Another round of qualifying, another struggle to watch our beloved USMNT from the comfy confines of our own home.
August brought us US-MEX on a channel (mun2) that was beamed into approximately 16 households until a groundswell of outrage led to a free preview of said channel (along with some awful commercials).
Now, according to Steve Goff of The Washington Post, October will likely find American homes shutout completely from watching a game where they US could clinch a World Cup berth. To make a long story short, the rights to the broadcast are owned by a closed circuit television distributor (which I had no idea still exist) and they claim that the networks had no interest in broadcasting the game even for less than $1mm.
So what can we do? As Jason Davis over at Match Fit USA points out, this isn’t the same situation as mun2-gate. as there is no “target” for our outrage; if a broadcaster doesn’t want to buy, they don’t want to buy it.
Yesterday, I had an email exchange with the Roger Huguet, CEO of Imagina US, who represents the closed circuit rights holder and was mentioned in Steven Goff’s article. Huguet told me that his clients may be open to the possibility of a live English broadcast if ESPN (or one of the other networks) were willing to negotiate. In other words, any fan campaign to try and get the game broadcast live into our homes should be directed at the networks. (In the event we are stymied, Roger offered to send me the list of all the bars throughout the country showing the game live to publish on TSG.)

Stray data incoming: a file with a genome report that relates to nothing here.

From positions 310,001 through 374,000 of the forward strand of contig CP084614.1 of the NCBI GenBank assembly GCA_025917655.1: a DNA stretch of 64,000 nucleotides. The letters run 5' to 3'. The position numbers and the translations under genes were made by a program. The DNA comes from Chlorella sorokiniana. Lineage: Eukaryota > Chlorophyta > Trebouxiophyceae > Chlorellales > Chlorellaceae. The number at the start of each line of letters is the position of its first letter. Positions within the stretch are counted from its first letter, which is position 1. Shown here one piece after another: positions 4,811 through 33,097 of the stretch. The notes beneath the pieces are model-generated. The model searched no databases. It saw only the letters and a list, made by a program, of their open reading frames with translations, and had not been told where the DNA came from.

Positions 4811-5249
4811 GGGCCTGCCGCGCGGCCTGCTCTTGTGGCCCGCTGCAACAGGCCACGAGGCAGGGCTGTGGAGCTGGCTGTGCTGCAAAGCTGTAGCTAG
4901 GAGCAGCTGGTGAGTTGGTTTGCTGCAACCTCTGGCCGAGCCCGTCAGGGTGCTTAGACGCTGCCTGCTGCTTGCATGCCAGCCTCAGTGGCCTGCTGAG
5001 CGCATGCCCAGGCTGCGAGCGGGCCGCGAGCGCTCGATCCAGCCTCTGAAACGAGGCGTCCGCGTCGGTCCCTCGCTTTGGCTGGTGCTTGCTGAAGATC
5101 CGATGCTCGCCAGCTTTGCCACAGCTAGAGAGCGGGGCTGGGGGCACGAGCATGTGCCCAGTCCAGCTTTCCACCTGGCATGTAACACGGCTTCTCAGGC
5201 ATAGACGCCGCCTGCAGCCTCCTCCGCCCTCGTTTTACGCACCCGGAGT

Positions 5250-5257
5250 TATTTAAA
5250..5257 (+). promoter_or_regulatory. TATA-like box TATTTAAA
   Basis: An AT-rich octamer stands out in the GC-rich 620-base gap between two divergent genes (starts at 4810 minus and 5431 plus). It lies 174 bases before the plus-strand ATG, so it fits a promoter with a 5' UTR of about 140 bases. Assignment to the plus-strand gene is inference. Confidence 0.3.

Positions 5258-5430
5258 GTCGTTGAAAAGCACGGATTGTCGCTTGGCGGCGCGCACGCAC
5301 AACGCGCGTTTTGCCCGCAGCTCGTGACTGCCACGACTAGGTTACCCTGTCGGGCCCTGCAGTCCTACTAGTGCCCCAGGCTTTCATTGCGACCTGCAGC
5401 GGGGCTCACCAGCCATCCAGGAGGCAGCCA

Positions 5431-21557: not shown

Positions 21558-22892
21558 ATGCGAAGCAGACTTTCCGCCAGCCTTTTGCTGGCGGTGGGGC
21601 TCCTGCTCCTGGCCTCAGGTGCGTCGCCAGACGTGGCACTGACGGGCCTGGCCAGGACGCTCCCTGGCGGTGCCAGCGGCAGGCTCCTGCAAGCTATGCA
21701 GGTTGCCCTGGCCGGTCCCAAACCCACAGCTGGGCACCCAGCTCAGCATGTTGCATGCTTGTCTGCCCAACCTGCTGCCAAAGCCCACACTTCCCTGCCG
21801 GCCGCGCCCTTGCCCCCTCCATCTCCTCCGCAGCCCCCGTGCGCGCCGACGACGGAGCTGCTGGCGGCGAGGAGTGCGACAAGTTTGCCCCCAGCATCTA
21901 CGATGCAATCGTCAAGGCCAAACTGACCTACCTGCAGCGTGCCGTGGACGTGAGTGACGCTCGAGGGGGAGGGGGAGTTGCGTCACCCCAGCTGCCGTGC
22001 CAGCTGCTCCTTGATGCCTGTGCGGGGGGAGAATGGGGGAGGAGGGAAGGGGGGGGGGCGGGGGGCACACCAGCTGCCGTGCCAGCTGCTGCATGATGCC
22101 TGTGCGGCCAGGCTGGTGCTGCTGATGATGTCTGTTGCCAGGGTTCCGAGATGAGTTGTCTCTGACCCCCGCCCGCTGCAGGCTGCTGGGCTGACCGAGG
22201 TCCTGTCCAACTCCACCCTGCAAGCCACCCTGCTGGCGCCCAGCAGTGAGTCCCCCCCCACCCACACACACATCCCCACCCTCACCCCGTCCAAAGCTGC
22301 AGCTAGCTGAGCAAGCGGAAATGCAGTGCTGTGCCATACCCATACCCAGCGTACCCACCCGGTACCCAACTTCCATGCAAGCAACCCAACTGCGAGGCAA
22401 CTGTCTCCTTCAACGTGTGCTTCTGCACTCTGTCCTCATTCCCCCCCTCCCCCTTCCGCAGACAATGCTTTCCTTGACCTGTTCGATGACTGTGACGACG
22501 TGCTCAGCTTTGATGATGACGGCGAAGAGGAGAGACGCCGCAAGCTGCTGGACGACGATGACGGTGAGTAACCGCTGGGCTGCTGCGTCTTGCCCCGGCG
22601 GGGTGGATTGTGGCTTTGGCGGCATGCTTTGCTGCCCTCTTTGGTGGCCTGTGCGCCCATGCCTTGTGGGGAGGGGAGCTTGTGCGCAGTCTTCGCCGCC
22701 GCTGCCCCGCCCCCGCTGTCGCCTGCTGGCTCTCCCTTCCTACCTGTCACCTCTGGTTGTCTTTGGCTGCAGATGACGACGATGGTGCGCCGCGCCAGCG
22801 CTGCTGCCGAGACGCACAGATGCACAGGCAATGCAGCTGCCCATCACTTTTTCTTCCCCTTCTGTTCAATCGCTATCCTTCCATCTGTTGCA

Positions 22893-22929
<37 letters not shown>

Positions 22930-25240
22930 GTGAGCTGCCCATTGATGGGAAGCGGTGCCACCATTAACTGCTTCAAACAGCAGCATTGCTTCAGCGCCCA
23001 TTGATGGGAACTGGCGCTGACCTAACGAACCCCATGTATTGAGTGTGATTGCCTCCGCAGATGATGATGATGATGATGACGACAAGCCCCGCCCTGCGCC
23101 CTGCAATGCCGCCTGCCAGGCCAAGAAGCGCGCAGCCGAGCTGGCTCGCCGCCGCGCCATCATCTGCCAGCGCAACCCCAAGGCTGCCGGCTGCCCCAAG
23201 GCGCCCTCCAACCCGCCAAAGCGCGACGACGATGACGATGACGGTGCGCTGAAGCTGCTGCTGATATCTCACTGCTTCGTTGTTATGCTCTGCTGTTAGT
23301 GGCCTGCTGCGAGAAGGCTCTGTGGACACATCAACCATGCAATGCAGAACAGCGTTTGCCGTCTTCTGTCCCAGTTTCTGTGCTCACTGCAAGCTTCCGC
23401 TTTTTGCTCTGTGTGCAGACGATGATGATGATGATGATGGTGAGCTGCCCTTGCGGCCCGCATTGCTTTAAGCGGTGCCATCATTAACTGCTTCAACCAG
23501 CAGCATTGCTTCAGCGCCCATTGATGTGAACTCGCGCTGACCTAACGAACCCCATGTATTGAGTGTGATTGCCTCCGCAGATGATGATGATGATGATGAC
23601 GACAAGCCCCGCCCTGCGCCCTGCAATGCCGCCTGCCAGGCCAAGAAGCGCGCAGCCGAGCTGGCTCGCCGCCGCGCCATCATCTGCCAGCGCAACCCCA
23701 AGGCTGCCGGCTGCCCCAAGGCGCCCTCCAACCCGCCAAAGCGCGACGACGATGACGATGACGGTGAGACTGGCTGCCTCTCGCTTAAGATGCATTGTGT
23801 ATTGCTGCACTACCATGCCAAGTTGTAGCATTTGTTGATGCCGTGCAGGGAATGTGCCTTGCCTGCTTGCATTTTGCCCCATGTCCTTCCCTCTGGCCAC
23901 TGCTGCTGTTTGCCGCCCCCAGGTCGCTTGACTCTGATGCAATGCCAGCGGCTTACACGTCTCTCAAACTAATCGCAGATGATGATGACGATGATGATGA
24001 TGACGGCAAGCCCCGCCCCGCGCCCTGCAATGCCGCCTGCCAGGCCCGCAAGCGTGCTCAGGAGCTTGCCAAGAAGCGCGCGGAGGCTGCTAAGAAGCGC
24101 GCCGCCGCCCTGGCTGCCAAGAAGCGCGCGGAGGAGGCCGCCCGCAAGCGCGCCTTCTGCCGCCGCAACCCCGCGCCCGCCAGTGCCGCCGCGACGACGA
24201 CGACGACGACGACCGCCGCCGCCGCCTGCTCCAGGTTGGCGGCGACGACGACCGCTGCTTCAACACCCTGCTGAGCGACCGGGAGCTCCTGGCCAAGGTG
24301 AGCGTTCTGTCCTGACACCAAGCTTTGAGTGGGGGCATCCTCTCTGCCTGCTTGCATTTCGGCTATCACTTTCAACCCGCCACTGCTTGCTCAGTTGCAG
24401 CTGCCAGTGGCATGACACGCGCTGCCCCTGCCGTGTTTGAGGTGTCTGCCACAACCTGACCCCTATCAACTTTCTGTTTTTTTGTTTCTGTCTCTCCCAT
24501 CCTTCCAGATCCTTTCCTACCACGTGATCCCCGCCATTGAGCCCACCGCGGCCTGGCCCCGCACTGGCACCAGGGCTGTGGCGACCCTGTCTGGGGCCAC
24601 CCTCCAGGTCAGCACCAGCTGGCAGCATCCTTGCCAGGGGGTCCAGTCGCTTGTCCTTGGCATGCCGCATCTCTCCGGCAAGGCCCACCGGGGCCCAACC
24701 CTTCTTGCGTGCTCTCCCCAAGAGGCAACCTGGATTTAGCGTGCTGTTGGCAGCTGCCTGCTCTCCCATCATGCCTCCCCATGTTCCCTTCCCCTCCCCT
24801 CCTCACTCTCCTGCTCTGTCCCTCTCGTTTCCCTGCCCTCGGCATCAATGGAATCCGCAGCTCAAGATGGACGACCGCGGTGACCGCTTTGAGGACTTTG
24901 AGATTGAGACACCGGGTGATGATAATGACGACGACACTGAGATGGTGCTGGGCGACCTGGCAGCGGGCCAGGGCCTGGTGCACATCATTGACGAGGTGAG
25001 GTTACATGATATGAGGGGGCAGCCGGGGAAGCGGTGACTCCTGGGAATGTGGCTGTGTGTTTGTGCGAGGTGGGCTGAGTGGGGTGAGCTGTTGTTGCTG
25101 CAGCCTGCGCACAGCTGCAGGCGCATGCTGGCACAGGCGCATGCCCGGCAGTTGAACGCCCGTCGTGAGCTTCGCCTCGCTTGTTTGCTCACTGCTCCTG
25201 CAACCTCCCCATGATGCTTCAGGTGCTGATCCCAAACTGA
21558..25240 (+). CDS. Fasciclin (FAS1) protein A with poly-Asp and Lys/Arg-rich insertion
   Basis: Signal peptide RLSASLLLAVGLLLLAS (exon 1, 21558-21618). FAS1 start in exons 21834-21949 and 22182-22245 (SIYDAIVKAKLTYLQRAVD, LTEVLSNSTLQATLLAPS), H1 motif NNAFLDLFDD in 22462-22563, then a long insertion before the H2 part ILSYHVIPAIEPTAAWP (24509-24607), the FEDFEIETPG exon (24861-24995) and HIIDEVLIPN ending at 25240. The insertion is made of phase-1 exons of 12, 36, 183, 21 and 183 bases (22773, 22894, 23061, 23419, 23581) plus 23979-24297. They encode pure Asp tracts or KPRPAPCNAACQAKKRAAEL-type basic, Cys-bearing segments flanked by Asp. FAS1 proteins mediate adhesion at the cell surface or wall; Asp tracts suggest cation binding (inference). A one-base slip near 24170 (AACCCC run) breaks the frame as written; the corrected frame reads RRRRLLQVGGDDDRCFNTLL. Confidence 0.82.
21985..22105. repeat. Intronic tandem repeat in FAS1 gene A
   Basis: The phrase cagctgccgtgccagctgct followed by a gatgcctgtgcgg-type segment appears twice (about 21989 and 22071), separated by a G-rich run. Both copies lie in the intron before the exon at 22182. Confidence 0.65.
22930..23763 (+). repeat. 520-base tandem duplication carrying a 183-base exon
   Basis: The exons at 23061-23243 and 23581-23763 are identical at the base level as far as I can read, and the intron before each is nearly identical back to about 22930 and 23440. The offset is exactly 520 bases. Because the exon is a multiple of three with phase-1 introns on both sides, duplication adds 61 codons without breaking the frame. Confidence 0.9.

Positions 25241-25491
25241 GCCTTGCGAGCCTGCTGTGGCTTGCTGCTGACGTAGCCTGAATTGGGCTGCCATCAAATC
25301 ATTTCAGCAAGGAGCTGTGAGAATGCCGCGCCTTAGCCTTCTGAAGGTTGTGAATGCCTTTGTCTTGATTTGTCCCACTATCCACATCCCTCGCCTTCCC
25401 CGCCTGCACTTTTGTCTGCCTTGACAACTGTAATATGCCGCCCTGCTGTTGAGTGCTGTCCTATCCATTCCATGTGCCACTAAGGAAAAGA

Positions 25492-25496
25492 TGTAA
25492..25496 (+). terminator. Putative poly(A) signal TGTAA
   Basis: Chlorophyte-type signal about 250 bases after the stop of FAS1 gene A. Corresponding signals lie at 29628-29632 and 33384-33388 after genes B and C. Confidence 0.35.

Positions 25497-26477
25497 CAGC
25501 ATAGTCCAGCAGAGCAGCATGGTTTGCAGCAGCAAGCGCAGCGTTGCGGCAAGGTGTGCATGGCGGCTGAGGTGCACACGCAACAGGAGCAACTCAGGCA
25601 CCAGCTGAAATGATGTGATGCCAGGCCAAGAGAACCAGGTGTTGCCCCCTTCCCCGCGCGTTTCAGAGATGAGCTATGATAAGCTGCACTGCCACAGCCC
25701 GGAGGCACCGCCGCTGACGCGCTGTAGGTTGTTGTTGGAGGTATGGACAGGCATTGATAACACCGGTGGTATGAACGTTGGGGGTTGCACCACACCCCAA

I think the issue (at least for ESPN) is that the game is on a Saturday. While a Saturday game day is generally preferred to a mid-week tilt by US soccer fans, it runs up against the money-making machine of college football on ESPN / ESPN2. It wouldn’t surprise me to learn that even if ESPN got the game for free, they still couldn’t broadcast it on ESPN / ESPN2 due to contractual obligations with college football games.
What about ESPN Classic? My guess there is that becomes a financial decision. A (“less than”) $1mm price tag may seem like a pittance to the World Wide Leader, but the numbers would still have to pencil out as a stand-alone broadcast on ESPN Classic. (I don’t think American Gladiator re-runs from the 1990s carry the same cost to broadcast.)
Seems like a perfect situation for Fox Sports Channel, no?
Given the run soccer has had in America the last 4-plus months, it would be an absolute step back for the sport if a game of this magnitude can’t be seen on broadcast television. Here’s where I think US Soccer or a major sponsor (the Swoosh, perhaps?) should step-up and do whatever it takes. Consider this a loss leader (USSF) or a marketing expense (Nike) and give the game away to whatever widely distributed channel will have it. In the end, no one cares if it is on ESPN, Versus, The Food Network or Oxygen.
We just want our US MNT-TV!